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Snow fell on the crowd bundled in coats and holding signs in downtown Casper Saturday. The coordinator for the second Women’s March in Casper, Jane Ifland, told them she was asked several times if the event was still on in spite of the chilly afternoon.

“I said wait a minute, these are Wyoming people,” Ifland said into her megaphone.

The demonstrators headed out along Second Street chanting, “Love trumps hate.” Ifland estimated at least 350 people participated in the second women’s march.

Megan Saulsbury, 24, demonstrated with her wife, Sarah Saulsbury.

The past year has reinforced the reasons Megan and her wife Sarah march, the couple said before the march. They marched for equal rights for people including women, people of color, the LGTBQ community and for diversity of religion, they said.

“It’s no less important today than it was a year ago,” Megan said.

The couple came to take a stand for national to local issues, including supporting advocates proposing nondiscrimination policies to the Casper City Council, Sarah said.

“All those things are so important,” she said. “Really change starts locally. You’ve got to get involved here before anything else can change.”

Julie Greiner and her daughter, Elana, 14, marched in polar bear costumes and signs that read “We’re starving for ethical leadership” and “2000 lies later and here we are again!?!”

With a daughter born in Samoa and another who’s gay, equality for women, LQTBQ rights and immigration topped her list for reasons to march on Saturday, she said.

“We have to keep fighting to undo the damage that Trump is doing and to preserve our democracy,” Greiner added.

Kenneth Colyar marched with his wife and daughters, ages 7 and 9. He’s unhappy with the current administration and wants to teach his daughters they have the right to demonstrate, he said.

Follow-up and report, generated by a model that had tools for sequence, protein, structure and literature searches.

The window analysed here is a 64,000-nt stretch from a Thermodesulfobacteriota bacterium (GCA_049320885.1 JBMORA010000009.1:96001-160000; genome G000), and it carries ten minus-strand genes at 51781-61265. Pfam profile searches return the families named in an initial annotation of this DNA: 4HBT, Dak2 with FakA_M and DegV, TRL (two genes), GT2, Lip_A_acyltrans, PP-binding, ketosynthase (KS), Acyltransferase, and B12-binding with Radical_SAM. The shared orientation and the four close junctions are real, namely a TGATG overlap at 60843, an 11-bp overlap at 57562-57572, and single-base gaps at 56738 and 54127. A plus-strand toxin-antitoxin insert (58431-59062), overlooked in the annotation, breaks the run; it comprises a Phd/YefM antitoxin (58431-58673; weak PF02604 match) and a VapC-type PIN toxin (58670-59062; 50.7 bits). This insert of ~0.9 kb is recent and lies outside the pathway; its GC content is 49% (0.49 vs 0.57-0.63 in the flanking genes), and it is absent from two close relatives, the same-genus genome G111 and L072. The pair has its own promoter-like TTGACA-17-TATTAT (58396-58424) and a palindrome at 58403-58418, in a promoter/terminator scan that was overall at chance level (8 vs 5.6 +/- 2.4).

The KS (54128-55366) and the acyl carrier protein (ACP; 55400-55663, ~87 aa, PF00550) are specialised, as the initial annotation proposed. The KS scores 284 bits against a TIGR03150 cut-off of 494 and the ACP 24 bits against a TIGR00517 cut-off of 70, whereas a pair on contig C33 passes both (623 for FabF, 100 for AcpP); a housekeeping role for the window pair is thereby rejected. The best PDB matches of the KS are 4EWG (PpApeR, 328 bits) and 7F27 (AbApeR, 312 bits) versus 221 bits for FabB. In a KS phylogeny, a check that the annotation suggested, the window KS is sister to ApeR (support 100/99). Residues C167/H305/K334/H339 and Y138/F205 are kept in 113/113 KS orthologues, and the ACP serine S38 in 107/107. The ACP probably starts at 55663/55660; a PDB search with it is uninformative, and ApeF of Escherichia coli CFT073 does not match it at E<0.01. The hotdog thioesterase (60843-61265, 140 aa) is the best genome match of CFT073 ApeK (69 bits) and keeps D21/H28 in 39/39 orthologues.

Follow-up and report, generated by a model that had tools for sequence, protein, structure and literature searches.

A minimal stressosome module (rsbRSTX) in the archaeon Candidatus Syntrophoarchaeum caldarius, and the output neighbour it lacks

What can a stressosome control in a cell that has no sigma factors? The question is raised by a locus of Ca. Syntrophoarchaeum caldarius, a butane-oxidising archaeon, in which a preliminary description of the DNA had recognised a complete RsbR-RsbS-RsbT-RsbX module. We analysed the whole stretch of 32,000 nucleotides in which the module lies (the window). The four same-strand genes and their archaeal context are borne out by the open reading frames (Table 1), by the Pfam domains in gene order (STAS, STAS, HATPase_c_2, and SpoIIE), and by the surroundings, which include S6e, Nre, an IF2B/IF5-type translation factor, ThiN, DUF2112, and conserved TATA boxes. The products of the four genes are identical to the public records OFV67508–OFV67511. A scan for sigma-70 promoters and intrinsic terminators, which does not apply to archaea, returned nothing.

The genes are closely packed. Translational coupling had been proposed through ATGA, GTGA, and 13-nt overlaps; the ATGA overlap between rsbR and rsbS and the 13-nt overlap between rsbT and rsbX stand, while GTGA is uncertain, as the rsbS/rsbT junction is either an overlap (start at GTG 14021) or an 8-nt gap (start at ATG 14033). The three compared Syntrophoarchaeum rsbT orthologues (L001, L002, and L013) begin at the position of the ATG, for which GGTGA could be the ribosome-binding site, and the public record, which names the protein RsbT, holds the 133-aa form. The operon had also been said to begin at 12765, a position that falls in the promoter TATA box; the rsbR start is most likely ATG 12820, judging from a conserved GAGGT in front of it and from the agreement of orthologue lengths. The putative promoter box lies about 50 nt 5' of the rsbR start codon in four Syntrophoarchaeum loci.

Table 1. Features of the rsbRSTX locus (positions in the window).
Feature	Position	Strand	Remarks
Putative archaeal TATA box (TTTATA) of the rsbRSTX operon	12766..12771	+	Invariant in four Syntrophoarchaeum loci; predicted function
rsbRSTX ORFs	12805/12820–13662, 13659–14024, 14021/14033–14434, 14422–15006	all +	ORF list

“I want them growing up knowing that, they don’t have to sit in the sidelines if they don’t want to, that they can march, that they can be heard,” Colyar said. “If you are a woman or a minority in this country, and you want your views represented in Washington, you have to run for office. And you have to support your fellow women and minorities who are running for office. Do not rely on old white men to represent you, that is not working, you have to run for office and vote. Maybe my kids will run for office one day.”

Lisa Knapp mentioned several concerns that brought her out to the march, including proposed laws allowing doctors to refuse service based on religious views and white supremacy becoming more acceptable to many, including the president, she said.

“The voices that we’re marching against have just gotten louder in the last year,” she said. “It feels like there’s a bigger platform for them.”

The Lyric filled afterwards for speakers and an open mic. Several women spoke on topics from women with disabilities to sexual assault and abuse to harassment they’ve experienced at school and work.

A woman talked about conversations with her daughters about the #metoo movement and realizing each had been victims of assault and harassment.

“I think to myself how does this happen, how did we get here?” she said “They call it locker room talk. And it starts here in our community. It starts with our dress codes in our school that put the burden on our daughters.”

A local high school student spoke about her anger over experiences including being sent home for a too-thin dress, while a boy could wear a sexist shirt, having the word “tease” painted across her locker, being afraid to walk alone at night and feeling she needs to say she has a boyfriend to deflect unwanted attention.

“Because society screams, ‘don’t get raped’ instead of ‘don’t rape,’” she said, to applause from the crowd.

Jane Ifland estimated a smaller crowd this year, but she was pleased with the turnout and the support.

“I would say that this year’s march was more focused on women,” Ifland said. “I think the song, ‘I Can’t Keep Quiet Anymore’ is still ringing in my ears.”

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Follow reporter Elysia Conner on Twitter @erconner


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